Education Dept. rescinds Obama-era guidelines on school sexual misconduct

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In their place, she imposed interim guidelines that allowed more protections for the people they accused.

Ms DeVos, however, said the interim rules signalled a move toward a more "fair and impartial" process.

"Schools must continue to confront these horrific crimes and behaviors head-on", DeVos said in a statement accompanying the interim guidance.

The Department of Education released a Q and A to help schools understand their responsibility when addressing sexual misconduct.

The guidance being rescinded refers to the "Dear Colleague" Letter (DCL), a product of the DOE under former President Barack Obama, which outlined the procedures for university handling and politics of campus sexual assault and harassment cases.

Earlier in September, DeVos said she believed accused students needed more protections.

"The Secretary's actions are particularly alarming for LGBTQ students: bisexual women are nearly twice as likely to experience intimate partner violence than heterosexual women, and are more than twice as likely to experience intimate partner sexual assault", the National LGBTQ Task Force's director of advocacy and action, Stacey Long Simmons, said in a statement.

The Department will hold a background press call at 10:45 a.m. open to credentialed members of the media.

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Thursday's announcement comes just months after DeVos sparked a controversy by meeting with so-called "men's rights" groups like the National Coalition for Men and groups that speak out on behalf of the accused, like Families Advocating for Campus Equality.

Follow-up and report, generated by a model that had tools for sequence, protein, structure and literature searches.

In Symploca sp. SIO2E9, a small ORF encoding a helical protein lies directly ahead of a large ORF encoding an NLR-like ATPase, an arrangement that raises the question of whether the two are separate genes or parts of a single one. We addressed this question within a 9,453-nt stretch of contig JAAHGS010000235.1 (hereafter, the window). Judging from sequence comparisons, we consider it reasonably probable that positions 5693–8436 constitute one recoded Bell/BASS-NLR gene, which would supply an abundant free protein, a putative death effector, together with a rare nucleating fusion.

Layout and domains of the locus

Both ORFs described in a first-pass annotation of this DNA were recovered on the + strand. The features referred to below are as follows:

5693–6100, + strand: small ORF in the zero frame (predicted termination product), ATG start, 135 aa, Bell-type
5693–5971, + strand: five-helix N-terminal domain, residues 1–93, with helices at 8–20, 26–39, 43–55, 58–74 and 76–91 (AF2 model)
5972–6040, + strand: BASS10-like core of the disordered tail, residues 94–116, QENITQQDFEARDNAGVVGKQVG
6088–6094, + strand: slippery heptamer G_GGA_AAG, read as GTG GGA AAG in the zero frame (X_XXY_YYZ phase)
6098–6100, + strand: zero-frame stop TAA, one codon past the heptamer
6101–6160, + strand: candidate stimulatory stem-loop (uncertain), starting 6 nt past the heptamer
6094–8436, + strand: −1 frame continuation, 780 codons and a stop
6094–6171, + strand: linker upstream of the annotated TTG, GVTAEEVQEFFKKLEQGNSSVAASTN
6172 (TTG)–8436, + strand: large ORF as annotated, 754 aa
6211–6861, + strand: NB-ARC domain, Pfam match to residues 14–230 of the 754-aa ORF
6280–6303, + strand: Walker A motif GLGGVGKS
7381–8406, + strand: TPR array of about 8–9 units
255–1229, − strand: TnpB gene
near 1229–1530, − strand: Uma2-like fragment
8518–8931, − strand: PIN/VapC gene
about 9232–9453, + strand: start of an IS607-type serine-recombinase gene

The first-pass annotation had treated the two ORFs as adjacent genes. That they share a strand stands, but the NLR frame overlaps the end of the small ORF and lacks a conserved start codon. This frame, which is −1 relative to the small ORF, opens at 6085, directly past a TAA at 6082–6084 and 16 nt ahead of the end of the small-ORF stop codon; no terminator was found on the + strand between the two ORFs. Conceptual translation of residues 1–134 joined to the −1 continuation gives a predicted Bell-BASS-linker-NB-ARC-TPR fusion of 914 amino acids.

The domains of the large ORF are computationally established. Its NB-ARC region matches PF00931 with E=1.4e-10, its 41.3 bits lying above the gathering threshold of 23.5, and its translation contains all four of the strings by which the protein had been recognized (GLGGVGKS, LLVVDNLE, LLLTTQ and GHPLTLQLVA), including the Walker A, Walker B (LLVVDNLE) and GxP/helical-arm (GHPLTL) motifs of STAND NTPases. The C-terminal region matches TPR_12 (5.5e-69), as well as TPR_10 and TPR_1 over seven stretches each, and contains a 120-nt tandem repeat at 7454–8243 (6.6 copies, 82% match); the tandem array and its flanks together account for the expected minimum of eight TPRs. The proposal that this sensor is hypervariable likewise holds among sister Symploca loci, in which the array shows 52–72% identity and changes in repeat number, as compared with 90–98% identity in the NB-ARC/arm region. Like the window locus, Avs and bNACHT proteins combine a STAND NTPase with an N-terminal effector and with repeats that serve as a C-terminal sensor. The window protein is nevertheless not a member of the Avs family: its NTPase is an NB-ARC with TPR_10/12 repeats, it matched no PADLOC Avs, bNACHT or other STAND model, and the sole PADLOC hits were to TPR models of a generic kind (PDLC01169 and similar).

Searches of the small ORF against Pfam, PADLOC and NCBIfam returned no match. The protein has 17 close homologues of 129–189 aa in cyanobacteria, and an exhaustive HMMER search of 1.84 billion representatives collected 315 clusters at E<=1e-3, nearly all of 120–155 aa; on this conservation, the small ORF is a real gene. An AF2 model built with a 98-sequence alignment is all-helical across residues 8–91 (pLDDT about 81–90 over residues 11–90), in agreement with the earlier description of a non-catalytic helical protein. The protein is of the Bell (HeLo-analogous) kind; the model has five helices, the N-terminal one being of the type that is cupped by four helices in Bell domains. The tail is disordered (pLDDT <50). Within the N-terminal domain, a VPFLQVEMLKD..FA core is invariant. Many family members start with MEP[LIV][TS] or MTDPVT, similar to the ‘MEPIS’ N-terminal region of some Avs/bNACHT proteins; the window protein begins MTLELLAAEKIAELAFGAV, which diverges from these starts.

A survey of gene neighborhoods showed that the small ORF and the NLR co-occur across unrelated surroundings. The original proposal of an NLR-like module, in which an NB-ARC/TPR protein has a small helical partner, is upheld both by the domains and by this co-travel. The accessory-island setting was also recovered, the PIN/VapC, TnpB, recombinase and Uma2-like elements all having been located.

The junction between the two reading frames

Title IX investigations must be led by a person free of actual or reasonably perceived conflicts of interest and biases.

Under the interim guidance, US schools now have the discretion to apply either the preponderance-of-the-evidence standard or the clear-and-convincing-evidence standard, meaning is it "more likely than not" that sexual harassment or violence occurred, or the convincing evidence standard, meaning "is it highly probable or reasonably certain", which is the higher standard of proof.

Schools are not required to allow appeals; however, a school may choose to allow appeals exclusively by the responding party or by both parties. Schools will be allowed to have informal resolution to cases, through mediation, if appropriate and if all parties agree. The Obama Dear Colleague Letter also told schools they should handle cases themselves in a timely manner.

Of particular focus has been what standard of evidence schools should use to determine if an assault has occurred and if it should respond by taking actions like disciplining students and making reasonable steps to separate the victim from the offender.

Following DeVos's announcement that she would rescind guidelines in order to further protect the accused, GLAAD tweeted, "LGBTQ students experience harassment at disproportionately high rates".

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"The campus justice system was and is broken", Foundation for Individual Rights in Education (FIRE) Executive Director Robert Shibley said in a statement.

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